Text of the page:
This pictorial review discusses multi-detector computed tomography (MDCT) cases of non-vascular traumatic chest injuries, with a brief clinical and epidemiological background of each of the pathology. The purpose of this review is to familiarize the reader with common and rare imaging patterns of chest trauma and substantiate the advantages of MDCT as a screening and comprehensive technique for the evaluation of these patients. Images from a level 1 trauma center were reviewed to illustrate these pathologies. Pulmonary laceration, pulmonary hernia, and their different degrees of severity are illustrated as examples of parenchymal traumatic lesions. Pleural space abnormalities (pneumothorax and hemothorax) and associated complications are shown. Diaphragmatic rupture, fracture of the sternum, sternoclavicular dislocation, fracture of the scapula, rib fracture, and flail chest are shown as manifestations of blunt trauma to the chest wall. Finally, direct and indirect imaging findings of intrathoracic airway rupture and post-traumatic foreign bodies are depicted. The advantage of high quality reconstructions, volume rendered images, and maximal intensity projection for the detection of severe complex traumatic injuries is stressed. The limitations of the initial chest radiography and the benefits of MDCT authenticate this imaging technique as the best modality in the diagnosis of chest trauma.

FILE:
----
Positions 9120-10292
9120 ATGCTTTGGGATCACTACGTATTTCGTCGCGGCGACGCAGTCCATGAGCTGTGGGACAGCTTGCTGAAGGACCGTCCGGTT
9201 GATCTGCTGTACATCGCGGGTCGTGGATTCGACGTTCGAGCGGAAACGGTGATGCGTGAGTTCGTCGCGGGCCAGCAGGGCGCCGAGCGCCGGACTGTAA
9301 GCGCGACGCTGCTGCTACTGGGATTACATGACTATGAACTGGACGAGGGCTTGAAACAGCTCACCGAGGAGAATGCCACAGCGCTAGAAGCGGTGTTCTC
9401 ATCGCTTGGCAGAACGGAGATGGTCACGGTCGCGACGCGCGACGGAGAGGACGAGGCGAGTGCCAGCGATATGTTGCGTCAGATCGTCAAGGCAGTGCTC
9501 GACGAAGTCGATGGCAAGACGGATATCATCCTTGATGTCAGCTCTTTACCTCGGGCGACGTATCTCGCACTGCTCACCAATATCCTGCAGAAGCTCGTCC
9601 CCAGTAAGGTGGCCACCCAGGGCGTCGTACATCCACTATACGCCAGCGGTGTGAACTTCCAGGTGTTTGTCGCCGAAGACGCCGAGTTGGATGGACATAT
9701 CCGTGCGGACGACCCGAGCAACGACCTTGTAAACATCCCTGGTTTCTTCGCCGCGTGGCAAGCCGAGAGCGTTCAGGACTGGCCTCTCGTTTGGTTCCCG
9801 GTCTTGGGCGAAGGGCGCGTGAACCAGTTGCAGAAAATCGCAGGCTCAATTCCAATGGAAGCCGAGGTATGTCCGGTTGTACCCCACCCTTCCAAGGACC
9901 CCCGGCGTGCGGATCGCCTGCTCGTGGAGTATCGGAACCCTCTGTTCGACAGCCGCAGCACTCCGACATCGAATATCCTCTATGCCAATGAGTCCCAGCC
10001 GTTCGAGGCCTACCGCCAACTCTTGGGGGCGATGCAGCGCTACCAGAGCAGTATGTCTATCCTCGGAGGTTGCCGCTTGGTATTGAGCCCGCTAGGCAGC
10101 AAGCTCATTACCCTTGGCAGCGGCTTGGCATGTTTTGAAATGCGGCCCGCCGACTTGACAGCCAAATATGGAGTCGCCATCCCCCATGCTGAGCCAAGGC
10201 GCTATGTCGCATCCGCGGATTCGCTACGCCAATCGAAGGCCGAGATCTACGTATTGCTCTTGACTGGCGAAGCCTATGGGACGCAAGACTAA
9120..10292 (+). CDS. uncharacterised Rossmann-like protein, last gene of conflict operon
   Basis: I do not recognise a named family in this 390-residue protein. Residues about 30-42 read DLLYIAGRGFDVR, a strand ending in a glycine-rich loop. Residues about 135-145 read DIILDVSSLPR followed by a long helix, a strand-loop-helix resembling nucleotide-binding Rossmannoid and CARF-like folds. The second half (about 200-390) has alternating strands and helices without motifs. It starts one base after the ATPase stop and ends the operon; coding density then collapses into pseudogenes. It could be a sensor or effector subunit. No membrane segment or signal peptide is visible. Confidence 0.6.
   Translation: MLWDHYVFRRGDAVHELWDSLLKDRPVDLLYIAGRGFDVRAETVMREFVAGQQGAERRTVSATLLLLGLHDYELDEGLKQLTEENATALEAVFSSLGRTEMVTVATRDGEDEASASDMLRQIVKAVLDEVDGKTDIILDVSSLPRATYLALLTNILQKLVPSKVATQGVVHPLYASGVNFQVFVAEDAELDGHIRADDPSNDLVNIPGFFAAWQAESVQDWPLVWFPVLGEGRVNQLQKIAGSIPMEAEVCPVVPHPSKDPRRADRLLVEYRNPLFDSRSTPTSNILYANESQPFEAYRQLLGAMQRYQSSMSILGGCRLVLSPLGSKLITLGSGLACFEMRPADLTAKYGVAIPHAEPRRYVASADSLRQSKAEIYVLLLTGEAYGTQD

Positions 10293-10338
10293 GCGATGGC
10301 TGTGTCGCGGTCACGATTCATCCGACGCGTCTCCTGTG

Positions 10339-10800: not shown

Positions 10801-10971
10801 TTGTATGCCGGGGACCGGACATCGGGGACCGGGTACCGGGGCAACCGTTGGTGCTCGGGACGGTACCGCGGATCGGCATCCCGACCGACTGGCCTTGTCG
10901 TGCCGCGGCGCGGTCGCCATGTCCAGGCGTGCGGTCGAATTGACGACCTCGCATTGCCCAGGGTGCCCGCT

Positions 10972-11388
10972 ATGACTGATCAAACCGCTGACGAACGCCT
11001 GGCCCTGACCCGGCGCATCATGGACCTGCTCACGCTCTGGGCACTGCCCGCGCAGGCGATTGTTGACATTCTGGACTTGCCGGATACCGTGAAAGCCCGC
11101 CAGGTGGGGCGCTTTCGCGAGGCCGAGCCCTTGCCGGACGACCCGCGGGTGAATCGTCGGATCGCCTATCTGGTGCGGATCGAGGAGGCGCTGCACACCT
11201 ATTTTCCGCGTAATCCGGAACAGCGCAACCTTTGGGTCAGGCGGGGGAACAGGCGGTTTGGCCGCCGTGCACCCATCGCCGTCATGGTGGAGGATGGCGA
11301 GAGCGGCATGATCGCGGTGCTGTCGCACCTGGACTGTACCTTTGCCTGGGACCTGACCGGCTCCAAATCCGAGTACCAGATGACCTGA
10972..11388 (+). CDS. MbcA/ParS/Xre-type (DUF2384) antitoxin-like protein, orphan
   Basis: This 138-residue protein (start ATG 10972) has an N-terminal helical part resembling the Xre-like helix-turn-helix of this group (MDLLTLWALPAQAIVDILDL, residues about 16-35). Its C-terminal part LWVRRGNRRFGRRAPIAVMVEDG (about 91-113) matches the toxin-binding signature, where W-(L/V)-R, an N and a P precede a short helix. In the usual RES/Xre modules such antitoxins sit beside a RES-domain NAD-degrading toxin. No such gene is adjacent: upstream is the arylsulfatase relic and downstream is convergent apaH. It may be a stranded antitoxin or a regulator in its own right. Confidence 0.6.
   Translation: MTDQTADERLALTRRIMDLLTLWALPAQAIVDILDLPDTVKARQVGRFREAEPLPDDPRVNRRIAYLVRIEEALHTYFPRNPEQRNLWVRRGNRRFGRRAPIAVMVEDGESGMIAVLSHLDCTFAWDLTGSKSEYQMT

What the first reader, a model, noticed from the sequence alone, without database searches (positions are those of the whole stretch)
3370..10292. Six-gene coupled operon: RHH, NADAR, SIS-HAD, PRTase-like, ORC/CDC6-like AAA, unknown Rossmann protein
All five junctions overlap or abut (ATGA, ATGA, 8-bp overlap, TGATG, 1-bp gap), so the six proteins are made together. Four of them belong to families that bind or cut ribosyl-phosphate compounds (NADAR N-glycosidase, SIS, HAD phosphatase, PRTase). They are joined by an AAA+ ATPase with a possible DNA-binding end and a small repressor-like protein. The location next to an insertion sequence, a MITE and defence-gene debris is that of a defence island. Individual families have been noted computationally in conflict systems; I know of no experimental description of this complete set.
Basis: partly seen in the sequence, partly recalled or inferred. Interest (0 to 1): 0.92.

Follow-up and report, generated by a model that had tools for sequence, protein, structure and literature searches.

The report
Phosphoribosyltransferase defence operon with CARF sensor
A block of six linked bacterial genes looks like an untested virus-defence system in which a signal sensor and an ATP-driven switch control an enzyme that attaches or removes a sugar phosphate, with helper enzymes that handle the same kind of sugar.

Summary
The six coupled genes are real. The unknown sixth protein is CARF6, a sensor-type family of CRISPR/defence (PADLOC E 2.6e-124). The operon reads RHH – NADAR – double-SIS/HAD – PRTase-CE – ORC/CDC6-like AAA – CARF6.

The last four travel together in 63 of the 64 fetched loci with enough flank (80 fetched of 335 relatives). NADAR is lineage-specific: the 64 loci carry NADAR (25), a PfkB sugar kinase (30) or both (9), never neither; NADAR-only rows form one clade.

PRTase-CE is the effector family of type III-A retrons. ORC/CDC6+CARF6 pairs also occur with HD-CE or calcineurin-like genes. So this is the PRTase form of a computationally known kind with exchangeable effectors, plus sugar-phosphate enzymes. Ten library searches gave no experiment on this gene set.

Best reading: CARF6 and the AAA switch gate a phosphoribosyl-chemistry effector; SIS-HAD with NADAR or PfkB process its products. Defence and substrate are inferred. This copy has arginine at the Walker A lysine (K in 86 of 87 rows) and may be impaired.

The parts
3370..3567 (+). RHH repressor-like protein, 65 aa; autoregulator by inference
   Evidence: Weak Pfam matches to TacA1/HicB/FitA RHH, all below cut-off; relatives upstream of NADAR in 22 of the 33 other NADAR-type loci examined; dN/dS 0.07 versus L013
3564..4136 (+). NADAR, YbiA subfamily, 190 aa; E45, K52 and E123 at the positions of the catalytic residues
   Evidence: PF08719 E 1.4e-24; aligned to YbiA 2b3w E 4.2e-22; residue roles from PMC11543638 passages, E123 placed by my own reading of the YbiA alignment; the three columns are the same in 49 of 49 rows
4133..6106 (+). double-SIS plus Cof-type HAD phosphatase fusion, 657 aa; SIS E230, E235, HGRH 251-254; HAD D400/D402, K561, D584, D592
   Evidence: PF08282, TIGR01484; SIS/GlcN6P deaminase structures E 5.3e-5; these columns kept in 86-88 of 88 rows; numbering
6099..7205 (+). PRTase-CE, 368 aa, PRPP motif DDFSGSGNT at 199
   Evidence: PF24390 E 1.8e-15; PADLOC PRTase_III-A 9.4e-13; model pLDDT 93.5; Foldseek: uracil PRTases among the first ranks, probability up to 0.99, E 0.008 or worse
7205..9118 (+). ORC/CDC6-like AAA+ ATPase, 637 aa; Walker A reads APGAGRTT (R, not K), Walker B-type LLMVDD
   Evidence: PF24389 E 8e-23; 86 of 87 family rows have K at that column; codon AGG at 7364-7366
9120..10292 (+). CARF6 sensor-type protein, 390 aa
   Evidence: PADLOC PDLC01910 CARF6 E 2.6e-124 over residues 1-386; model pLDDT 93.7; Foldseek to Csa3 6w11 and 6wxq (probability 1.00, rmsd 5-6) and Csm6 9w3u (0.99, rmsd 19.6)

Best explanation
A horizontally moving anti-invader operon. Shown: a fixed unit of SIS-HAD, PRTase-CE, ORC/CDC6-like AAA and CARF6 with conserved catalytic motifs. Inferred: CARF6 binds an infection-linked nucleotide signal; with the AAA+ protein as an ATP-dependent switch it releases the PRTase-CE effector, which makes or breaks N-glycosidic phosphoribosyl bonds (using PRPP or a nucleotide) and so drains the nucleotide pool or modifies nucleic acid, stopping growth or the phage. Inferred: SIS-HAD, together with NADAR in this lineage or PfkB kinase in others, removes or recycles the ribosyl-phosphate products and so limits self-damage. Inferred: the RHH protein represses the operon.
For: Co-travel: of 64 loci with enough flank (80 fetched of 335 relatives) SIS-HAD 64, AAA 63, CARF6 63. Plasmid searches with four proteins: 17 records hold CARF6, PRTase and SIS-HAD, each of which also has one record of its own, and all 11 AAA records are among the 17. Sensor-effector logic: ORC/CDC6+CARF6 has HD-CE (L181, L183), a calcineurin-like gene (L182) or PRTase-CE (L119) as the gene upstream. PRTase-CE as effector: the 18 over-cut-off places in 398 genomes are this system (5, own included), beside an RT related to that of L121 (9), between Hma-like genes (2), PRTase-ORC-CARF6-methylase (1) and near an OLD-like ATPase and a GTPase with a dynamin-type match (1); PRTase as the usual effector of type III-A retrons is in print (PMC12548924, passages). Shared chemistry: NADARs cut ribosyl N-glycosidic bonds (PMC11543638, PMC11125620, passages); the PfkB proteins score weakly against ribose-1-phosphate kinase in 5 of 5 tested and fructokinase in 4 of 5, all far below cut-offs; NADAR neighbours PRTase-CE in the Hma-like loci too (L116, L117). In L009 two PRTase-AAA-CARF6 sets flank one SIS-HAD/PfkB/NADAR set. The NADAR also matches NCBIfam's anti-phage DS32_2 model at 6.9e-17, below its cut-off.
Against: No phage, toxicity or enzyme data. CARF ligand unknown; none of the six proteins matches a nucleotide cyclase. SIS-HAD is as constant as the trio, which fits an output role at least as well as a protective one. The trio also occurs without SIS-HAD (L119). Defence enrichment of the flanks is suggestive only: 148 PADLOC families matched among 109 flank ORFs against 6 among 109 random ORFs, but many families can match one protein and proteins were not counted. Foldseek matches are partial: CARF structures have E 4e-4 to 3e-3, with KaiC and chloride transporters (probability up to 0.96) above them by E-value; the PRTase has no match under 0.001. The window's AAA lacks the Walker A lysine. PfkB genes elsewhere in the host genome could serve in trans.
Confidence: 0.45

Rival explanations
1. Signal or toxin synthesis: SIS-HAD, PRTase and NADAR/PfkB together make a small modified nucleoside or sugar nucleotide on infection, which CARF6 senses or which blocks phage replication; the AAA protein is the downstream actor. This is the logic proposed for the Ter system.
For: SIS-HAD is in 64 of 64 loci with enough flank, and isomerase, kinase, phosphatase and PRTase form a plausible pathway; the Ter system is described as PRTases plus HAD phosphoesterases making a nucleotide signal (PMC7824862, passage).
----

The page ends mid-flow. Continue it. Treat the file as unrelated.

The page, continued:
- Blunt trauma
- Multidetector computed tomography
ASJC Scopus subject areas
- Emergency Medicine
- Radiology Nuclear Medicine and imaging